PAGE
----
Think outside the steak – Part TWO

Are these the most versatile Wagyu cuts?

Some Wagyu cuts, like the ribeye, tenderloin and rump, cook so perfectly as steaks that preparing them another way is culinary taboo. However, the good news for adventurous home chefs, or professional chefs, is that a Wagyu carcass offers roughly 34 different cuts. This means more than enough opportunity to experiment with Wagyu using creative and versatile cooking methods. In part one of “Think outside the steak” we explored some underrated Wagyu cuts and unique ways they could be prepared. 

In this installment we reveal some of the most versatile Wagyu cuts. These are the cuts that you can regularly put on the shopping list knowing that whether you’re in the mood for roast, soup or the best beef patties, you have Wagyu to make it happen. If that’s not enough, these cuts also come in as the most economic cuts to regularly incorporate Wagyu into your diet. So, let us introduce you to the chuck eye roll, the shin shank, and the beef knuckle.      

Wagyu Chuck Eye Roll

The highly marbled and large chuck eye roll is one of King River’s top picks in terms of value for money. When you first see the chuck eye roll, which is from behind the Wagyu’s neck, you’ll be struck by how stunning it looks, with beautiful marbling throughout the entire cut. This is a large cut combining different muscle groups, so you can use the one chuck eye roll for multiple meals and uses. Some of King River’s favourite ways to use the Chuck Eye Roll are: 

Sous vide steaks. You can portion off a section of the chuck eye roll into great steaks and cook these the traditional way on a pan or BBQ. However, for maximum tenderness, we recommend cooking your chuck eye roll steaks sous vide.

Roasts. Slow or medium roasting methods can be used for the chuck eye roll. For a rare roast, we recommend using the medium heat method, and for pulled beef, use ‘low and slow’. 

Stews. As you start to portion out your chuck eye roll into steaks and roasts, you’ll have lots of smaller off-cuts. These are great in stews as the marbling fat will add a fantastic, buttery flavour to your dish.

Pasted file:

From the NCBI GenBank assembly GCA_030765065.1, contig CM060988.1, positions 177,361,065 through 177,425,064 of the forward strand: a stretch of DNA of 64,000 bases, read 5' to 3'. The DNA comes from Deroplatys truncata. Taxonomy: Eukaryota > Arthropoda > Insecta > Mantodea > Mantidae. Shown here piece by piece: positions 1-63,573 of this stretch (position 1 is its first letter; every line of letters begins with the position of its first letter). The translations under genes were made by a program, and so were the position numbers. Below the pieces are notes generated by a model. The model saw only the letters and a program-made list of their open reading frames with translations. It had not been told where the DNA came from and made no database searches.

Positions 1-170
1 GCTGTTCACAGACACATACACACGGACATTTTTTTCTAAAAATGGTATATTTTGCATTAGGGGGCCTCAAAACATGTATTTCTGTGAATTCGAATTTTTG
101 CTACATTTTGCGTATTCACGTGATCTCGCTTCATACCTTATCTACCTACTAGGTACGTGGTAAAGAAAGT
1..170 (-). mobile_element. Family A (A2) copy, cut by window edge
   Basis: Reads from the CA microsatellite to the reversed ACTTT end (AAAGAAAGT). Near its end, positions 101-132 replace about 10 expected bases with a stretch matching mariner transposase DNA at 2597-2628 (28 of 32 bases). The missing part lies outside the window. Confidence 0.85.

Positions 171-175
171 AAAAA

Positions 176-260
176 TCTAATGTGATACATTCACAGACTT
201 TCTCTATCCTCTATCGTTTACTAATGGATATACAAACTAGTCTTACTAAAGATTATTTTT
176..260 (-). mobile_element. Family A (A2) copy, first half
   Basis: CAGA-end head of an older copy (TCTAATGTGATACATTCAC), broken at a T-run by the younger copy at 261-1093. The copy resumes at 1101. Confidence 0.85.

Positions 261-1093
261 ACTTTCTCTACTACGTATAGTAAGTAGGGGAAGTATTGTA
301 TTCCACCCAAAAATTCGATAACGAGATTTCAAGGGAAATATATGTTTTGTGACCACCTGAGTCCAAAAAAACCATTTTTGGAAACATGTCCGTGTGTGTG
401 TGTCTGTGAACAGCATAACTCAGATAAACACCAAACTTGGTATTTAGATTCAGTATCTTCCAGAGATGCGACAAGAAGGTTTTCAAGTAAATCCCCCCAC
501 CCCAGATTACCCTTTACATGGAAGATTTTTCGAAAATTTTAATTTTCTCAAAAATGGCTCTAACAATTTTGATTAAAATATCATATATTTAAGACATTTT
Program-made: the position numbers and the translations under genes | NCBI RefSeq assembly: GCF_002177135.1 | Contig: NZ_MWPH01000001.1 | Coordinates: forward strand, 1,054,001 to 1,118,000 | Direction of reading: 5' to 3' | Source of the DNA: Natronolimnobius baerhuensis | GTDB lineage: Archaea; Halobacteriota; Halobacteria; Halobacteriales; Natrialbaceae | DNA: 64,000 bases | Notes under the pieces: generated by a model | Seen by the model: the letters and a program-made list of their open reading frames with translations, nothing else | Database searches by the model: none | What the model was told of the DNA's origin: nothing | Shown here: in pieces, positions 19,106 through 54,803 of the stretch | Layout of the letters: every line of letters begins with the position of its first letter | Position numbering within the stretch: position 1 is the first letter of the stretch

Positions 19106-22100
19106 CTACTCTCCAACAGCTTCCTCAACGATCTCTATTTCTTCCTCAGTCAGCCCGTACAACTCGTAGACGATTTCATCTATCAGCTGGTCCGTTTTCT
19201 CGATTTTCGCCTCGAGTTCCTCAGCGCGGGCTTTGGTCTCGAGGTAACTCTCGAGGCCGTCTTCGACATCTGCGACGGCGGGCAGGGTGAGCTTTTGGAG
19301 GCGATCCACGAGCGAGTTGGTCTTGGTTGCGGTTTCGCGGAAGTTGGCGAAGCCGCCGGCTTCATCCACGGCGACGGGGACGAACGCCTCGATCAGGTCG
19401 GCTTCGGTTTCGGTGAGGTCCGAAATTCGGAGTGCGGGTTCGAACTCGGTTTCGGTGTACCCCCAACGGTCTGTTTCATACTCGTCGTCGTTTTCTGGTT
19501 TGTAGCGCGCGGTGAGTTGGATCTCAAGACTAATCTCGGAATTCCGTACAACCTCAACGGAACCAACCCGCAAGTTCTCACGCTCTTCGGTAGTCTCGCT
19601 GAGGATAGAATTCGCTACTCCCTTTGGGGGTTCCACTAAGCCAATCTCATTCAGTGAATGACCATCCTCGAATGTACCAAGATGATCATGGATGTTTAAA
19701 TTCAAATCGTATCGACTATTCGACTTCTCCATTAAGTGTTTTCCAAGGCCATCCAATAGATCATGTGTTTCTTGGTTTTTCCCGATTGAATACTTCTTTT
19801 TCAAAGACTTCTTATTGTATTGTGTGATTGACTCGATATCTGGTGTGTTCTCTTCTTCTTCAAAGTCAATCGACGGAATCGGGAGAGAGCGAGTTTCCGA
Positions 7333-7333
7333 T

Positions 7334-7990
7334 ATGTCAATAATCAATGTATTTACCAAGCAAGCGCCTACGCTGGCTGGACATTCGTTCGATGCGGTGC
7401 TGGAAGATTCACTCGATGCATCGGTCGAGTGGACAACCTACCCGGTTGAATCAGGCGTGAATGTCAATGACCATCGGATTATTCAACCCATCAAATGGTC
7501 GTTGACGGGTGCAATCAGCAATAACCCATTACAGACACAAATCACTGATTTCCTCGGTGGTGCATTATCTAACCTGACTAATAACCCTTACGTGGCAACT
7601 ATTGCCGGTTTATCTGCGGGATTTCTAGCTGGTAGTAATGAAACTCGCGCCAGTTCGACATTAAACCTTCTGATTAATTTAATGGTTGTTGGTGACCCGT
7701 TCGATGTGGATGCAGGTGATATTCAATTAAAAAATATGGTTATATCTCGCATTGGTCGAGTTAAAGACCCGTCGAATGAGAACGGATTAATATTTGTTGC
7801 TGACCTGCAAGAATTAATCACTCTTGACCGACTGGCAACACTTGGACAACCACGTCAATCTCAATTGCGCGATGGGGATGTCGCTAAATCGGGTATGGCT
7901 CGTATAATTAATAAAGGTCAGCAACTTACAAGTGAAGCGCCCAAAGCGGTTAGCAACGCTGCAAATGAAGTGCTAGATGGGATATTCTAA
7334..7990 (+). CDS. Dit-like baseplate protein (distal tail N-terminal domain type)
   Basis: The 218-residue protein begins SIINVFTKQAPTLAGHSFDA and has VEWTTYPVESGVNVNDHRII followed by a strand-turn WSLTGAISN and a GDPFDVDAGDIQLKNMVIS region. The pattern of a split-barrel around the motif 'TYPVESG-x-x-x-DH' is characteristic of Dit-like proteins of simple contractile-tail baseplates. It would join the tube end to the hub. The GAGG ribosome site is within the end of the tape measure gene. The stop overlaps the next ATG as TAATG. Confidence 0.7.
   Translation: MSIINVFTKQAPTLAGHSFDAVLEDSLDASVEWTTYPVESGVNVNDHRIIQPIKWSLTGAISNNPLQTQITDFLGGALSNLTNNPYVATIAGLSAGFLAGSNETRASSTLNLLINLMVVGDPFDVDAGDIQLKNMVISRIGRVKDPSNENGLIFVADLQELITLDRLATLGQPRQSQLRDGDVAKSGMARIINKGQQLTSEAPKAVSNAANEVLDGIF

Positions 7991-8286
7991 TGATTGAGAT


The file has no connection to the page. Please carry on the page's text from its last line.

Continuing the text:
Pies. Nothing beats a Wagyu steak pie. Instead of using off-cuts for a hearty stew, you can turn them into mouth-watering pies. Our favourite is a slow-cooked Wagyu and onion pie.

Wagyu Shin Shank

If there was one way to describe the shin shank, it would be ‘versatile’. This cut comes from the arms and legs of the Wagyu and provides a number of benefits – both culinary and nutritional. The shin shank will often have almost no marbling fat but instead has tendons and ligaments. When cooked slowly, these break down to give the shin shank one of the strongest beefy flavours of any cut. This strong Wagyu flavour has the body to carry heavy sauces and gravies and pairs beautifully with winter beers and red wine. Along with the other health benefits of Wagyu beef, the shin shank bone offers great nutritional value. When the bone is cooked in a broth, stew or soup, the bone marrow integrates into the dish providing a fantastic dose of nutrients and minerals that support the body. The versatility of this cut is that it can be prepared in so many different ways. Traditional winter dishes are our favourite ways to cook a Wagyu shin shank, including: 

Ossobuko. An Italian dish, this is the most well-known cooking method for the shin shank.  

Soups and broths. This can be done with the bone in or out. Our favourite recipe is this boneless braised soup. 

Thor’s hammer. This is a smoked cooking method that is growing in popularity around the world. 

Scottish stew. For a heartwarming stew, the Scottish are experts. 

Wagyu Beef Knuckle

The Wagyu beef knuckle, also known as the thick flank, is regularly overlooked but has so much potential. This cut, which is quite similar to the outside flat, is a quadricep muscle from the hind quarter. The knuckle is highly marbled but can be a little tough as one of the regularly used muscles of the Wagyu. For this reason, any slow cooking method is perfect for the Wagyu knuckle. At King River, we love using this cut in roasts which gives the meat time to tenderise and soak in the intramuscular marbling fat. But our favourite use for the beef knuckle is making mouth-watering mince and burger patties. Whether it’s an easy recipe for the amazing Wagyu beef patties or rich, nutrient dense bolognese, the Wagyu knuckle is perfect. With a simple home mincer or kitchen aid, this sizable cut can produce large quantities of high-quality mince. 

The benefits of homemade Wagyu burger patties include: 

That the natural marbling fat eliminates the need for added fats like store-bought patties

The way the beautiful buttery flavour of the marbling fat permeates the patties

Big cost savings thanks to the quantity of mince produced 

Full control of all the ingredients so you know the quality of the meat and can rest assure your patties are free of any nasty hidden additives 

Gaining all the health benefits of Wagyu beef for a fraction of the cost.  

So if you’re looking to incorporate Wagyu into your regular diet and want to get more adventurous than steak, look no further. The chuck eye roll, shin shank and beef knuckle are some of the all-time-favourites for the King River team and we know you’ll love them too.  

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